As for what makes a season "bad" before it gets to "good", well, that's not hard either. "Bad" is forcing America to listen to a bunch of sincere but overmatched singers whose days are obviously numbered, whose performances add zero enjoyment to anyone outside their extended circle of family / friends / classmates / swooning-fankids, and whom viewers have to put up with for weeks because, after all, Federal law dictates that one and only one contestant per week can be eliminated in a Reality TV series.
Forget about merely thinking outside this box. It needs to be blown to smithereens.
American Idol needs to figure out a way to reach "good" faster and more cost-effectively. Why spend millions of dollars on auditions, for example, when pretty much everyone you'll eventually choose for Hollywood already has a YouTube portfolio? Don't let the silly rules of reality TV dictate how long America has to put up with "bad". Give voters a say in who stays and who goes, of course, but don't be anal-retentive about it, particularly not after the Idol voting process has exhibited 15 years of extreme demographic bias. What matters most in the "bad" stage of a season is viability: when it becomes clear that a contestant isn't ready for prime time, cannot possibly win, and adds little to the flavor of the season, cut them loose, en masse if necessary.
Then, when the season reaches "good", hit the slowdown button on the eliminations. Let viewers sit back and enjoy the remaining singers – be they ten, or seven, or even just five – for a few weeks as they navigate various themes and mentors. It's far more difficult to separate the "great" from the "good" than it is the "good" from the "bad". Social media, much as our senior editors detest it, is surely a much better gauge than fan voting of who has star power and who is merely a gifted vocalist. This is also the time when the judges have to start earning those eight-figure salaries.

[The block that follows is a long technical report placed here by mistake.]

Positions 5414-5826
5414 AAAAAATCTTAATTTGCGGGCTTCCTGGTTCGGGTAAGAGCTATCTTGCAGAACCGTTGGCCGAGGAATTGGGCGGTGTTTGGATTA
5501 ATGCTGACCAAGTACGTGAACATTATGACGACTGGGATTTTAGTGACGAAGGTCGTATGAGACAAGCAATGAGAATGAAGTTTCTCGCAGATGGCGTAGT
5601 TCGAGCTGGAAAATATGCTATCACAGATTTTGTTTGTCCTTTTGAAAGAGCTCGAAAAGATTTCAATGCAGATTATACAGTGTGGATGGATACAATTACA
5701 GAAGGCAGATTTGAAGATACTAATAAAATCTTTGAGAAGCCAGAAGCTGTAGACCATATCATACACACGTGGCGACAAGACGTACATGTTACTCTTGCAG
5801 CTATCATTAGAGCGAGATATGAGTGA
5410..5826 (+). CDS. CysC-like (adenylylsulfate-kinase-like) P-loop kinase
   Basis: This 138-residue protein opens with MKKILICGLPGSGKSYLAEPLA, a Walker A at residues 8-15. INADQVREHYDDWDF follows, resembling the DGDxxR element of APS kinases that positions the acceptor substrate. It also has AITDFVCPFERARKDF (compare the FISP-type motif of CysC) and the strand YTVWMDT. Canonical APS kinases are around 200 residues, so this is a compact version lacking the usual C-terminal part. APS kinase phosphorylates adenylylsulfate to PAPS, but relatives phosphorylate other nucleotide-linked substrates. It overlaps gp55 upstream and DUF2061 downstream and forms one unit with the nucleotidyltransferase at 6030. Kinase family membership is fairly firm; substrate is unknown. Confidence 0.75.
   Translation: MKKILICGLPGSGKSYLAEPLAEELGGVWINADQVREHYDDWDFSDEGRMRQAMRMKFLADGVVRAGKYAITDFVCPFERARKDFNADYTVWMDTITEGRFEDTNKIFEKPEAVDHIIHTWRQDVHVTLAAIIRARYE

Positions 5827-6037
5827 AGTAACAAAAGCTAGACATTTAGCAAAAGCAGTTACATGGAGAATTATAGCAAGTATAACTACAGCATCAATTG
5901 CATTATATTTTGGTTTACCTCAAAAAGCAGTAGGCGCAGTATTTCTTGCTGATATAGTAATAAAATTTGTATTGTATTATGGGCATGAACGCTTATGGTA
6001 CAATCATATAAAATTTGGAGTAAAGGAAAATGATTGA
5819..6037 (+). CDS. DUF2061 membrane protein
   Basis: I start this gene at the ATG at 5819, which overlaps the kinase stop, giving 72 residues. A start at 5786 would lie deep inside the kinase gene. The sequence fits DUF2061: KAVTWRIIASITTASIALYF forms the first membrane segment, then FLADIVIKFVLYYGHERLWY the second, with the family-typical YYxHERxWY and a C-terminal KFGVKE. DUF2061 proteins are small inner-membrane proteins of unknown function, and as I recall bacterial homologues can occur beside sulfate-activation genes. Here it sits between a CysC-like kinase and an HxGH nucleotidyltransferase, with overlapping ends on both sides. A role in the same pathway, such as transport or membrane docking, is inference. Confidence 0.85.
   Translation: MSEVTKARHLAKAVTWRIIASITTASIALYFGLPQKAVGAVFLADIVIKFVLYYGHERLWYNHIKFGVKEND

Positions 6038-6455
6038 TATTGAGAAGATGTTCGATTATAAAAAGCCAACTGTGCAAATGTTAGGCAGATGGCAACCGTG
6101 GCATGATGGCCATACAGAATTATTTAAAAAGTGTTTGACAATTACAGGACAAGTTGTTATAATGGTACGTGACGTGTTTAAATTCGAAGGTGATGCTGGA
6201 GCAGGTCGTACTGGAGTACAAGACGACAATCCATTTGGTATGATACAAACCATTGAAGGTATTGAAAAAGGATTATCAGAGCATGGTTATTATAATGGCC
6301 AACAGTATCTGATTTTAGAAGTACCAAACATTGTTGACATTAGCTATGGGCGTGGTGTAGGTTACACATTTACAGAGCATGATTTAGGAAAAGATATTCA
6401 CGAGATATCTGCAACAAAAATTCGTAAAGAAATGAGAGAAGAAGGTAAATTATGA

Lastly, when you've pared down to the "great", give them their well-deserved hometown visits. Then, bring them back to L.A. for the final few weeks and make them earn the title. Challenge them. Extend them. "I'll see your No More Drama and raise you a Waiting Game." Stage an unforgettable Finale, invite the whole Idol "family" back for the results show, and crown a champion in a shower of confetti. Rinse. Repeat.
This...is American Idol 2.0. We hope.
As we said in last week editorial, it's been a privilege to serve as volunteer curators to the AI community for the past decade. The show, for all its flaws, has been hugely entertaining, and it has changed the American music and entertainment landscape much for the better. It's the twenty-first century equivalent to the star-making variety shows of the 1950s and 1960s. But, it needs some time off. So do we viewers.
There is no guarantee, of course, that AI 2.0 will be superior than AI 1.0. All Idol fans should be prepared for the very real possibility of a New Coke debacle. Fortunately, while Simon Fuller can be unreasonable at times, he's rarely irrational. Plus, he enjoys making money by the dumpsterful. We have guarded optimism that, indeed, 2 > 1.
We also mentioned that we had a geeky screen name at IdolForums.com that we used for years to enter the "Spoiler Section" every competition night. We created it so we could pull reviews and rankings for our overnight numbers. We challenged our IDF readers to catch us this week and out us. No one was successful. We plan on creating a new account for the 2.0 era, so now we can finally reveal what the old one was: "eipiphi".
WTF, you say? How on earth was anyone supposed to figure that out? It's just a random jumble of letters. That's totally irrational!
To which we reply: No. It's only three-quarters irrational, and one-quarter imaginary.
Which, as it turns out, is also a pretty good description of the first 15 years of American Idol. So, we'll leave it there. Farewell, everyone. For now.
- The WNTS.com Team